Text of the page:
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Chapter 3 Cost/Volume/Profit Relationships . Principles of Food, Beverage, and Labor Cost Controls, Ninth Edition. Cost/Volume/Profit Assumptions. - Costs can be fixed or variable - VC are directly variable - Fixed costs are stable - Sales prices are constant

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chapter 3 cost volume profit relationships

Chapter 3Cost/Volume/Profit Relationships

Principles of Food, Beverage, and Labor Cost Controls, Ninth Edition

cost volume profit assumptions
Cost/Volume/Profit Assumptions
  • - Costs can be fixed or variable
  • - VC are directly variable
  • - Fixed costs are stable
  • - Sales prices are constant
  • - Sales mix will remain constant
slide3

Cost/Volume/Profit Analysis

  • Each foodservice operator knows that some accounting periods are more profitable than others. Profitability, then, can be viewed as existing on a scale. The midpoint on the scale, indicated by the zero, is called the break-even point. At the break-even point, operational expenses are exactly equal to sales revenue.

Large Small 0 Small Large

$ $ $ $ $ Losses Profits

slide4

CVP calculations can be done either on the dollar sales volume required to break even or achieve the desired profit, or on the basis of the number of units required.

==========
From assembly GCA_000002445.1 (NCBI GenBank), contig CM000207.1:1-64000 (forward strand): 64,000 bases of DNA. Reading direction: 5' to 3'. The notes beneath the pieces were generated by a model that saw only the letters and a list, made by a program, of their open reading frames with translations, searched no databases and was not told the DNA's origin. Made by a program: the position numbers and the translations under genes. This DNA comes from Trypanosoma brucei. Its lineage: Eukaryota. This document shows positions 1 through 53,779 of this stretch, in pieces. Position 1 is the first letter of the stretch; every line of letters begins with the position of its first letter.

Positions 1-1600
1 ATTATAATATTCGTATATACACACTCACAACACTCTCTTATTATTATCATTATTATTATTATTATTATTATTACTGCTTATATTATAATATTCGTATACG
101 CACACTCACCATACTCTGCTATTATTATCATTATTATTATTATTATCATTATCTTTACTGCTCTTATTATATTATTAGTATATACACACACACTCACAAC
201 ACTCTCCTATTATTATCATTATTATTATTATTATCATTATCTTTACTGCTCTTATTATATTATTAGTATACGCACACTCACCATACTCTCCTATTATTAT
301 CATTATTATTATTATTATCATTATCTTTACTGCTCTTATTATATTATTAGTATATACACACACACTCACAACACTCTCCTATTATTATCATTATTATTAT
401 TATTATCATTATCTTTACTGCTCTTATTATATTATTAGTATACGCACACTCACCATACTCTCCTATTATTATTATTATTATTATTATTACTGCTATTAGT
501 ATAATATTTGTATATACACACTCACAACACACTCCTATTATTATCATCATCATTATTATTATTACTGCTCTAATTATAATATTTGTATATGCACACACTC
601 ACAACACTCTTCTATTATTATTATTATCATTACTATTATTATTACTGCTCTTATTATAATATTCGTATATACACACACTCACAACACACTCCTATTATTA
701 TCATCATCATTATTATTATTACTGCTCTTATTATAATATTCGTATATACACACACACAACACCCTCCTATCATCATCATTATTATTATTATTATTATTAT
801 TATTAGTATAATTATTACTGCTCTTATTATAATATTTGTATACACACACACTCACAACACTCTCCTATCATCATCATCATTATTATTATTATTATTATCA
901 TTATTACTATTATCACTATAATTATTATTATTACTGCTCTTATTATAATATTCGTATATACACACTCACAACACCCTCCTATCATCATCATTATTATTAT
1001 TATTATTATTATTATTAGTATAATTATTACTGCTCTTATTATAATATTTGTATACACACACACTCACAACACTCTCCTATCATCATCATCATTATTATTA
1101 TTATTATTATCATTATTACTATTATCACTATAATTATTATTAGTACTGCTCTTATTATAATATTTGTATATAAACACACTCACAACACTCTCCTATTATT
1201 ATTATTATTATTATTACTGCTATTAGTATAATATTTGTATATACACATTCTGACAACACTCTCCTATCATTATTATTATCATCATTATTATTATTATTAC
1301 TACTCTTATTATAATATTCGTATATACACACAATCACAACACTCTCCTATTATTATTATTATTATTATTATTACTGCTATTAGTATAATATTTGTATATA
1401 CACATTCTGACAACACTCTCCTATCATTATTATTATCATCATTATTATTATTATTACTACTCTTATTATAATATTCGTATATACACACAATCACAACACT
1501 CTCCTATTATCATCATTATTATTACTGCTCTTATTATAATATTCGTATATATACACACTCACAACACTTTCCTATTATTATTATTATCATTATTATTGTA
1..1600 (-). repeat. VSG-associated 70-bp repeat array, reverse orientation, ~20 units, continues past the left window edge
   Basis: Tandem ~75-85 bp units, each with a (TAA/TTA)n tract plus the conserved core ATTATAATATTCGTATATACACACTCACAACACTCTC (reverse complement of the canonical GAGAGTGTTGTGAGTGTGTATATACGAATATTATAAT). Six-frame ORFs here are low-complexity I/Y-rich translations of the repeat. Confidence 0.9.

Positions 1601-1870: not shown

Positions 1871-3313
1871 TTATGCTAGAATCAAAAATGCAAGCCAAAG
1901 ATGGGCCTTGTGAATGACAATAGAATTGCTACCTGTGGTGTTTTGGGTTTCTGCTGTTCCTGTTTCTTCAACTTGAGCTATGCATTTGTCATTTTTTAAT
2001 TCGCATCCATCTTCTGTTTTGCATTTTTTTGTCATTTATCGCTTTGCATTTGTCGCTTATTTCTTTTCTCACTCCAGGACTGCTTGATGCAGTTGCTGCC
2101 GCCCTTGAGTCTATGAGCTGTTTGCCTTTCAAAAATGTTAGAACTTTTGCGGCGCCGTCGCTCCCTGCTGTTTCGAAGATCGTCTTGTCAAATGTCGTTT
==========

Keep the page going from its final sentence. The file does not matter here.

• A cost/volume/profit (CVP) analysis helps predict the sales dollars and volume required to achieve desired profit (or break even) based on your known costs.
slide5

Contribution margin for the overall operation is defined as the dollar amount that contributes to covering fixed costs and providing for a profit.

  • Contribution margin is calculated for as follows:

Total Sales - Variable Costs = Contribution Margin

important equations
Important Equations
  • 1. Sales = VC + FC + Profit
  • 2. Variable rate = VC/Sales
  • 3. Contribution rate = 1 - VR
cost volume profit equation
Cost/Volume/Profit Equation
  • Sales = Sales cost + Labor cost + OH + Profit
  • $325,000 = $108,875 + $81,250 + 97,500 + $37,375 S = VC + FC + P
  • VC = Food & Beverage Cost + Variable LC (40% Total Labor)
  • FC = Fixed LC ( 60% Total Labor) + Overhead
  • S ($325,000) = VC ($141,375) + FC ($146,250) + Profit ($37,375)
variable rate
Variable Rate
  • Ratio of variable cost to dollar sales
  • Variable rate = VC/Sales
  • VR = VC($141,375)/Sales($325,000)
  • VR = .435 Contribution Rate
  • CR = 1 - VR
  • 1 - .435 = .565
  • CR = .565
break even point
Break-Even Point
  • Point at which the sum of all costs equals sales, thus profit = 0
  • BE = Fixed Costs/CR
  • BE = $146,250/.565
  • BE = $258,849
  • $325,000 - $258,850 = $66,150
  • Profit = Sales after BE x CR
  • $66,150 x .565 = $37,375
slide10

To determine sales dollars to achieve the profit goal, use the following formula:

Fixed Costs + Profit

Contribution Rate = Sales Dollars to Achieve Desired Profit

  • To determine break-even point, compute the following: 

FC + 0

CR = Break-even point

slide11

To determine the dollar sales required to break even, use the following formula:

Fixed Costs

Contribution Rate = Break-Even Point in Sales

  • In terms of the number of units that must be served in order to break even, use the following formula:

Fixed Costs

Contribution Margin per Unit

= Break-Even Point in Unit Sales

© John Wiley & Sons, Inc. 2009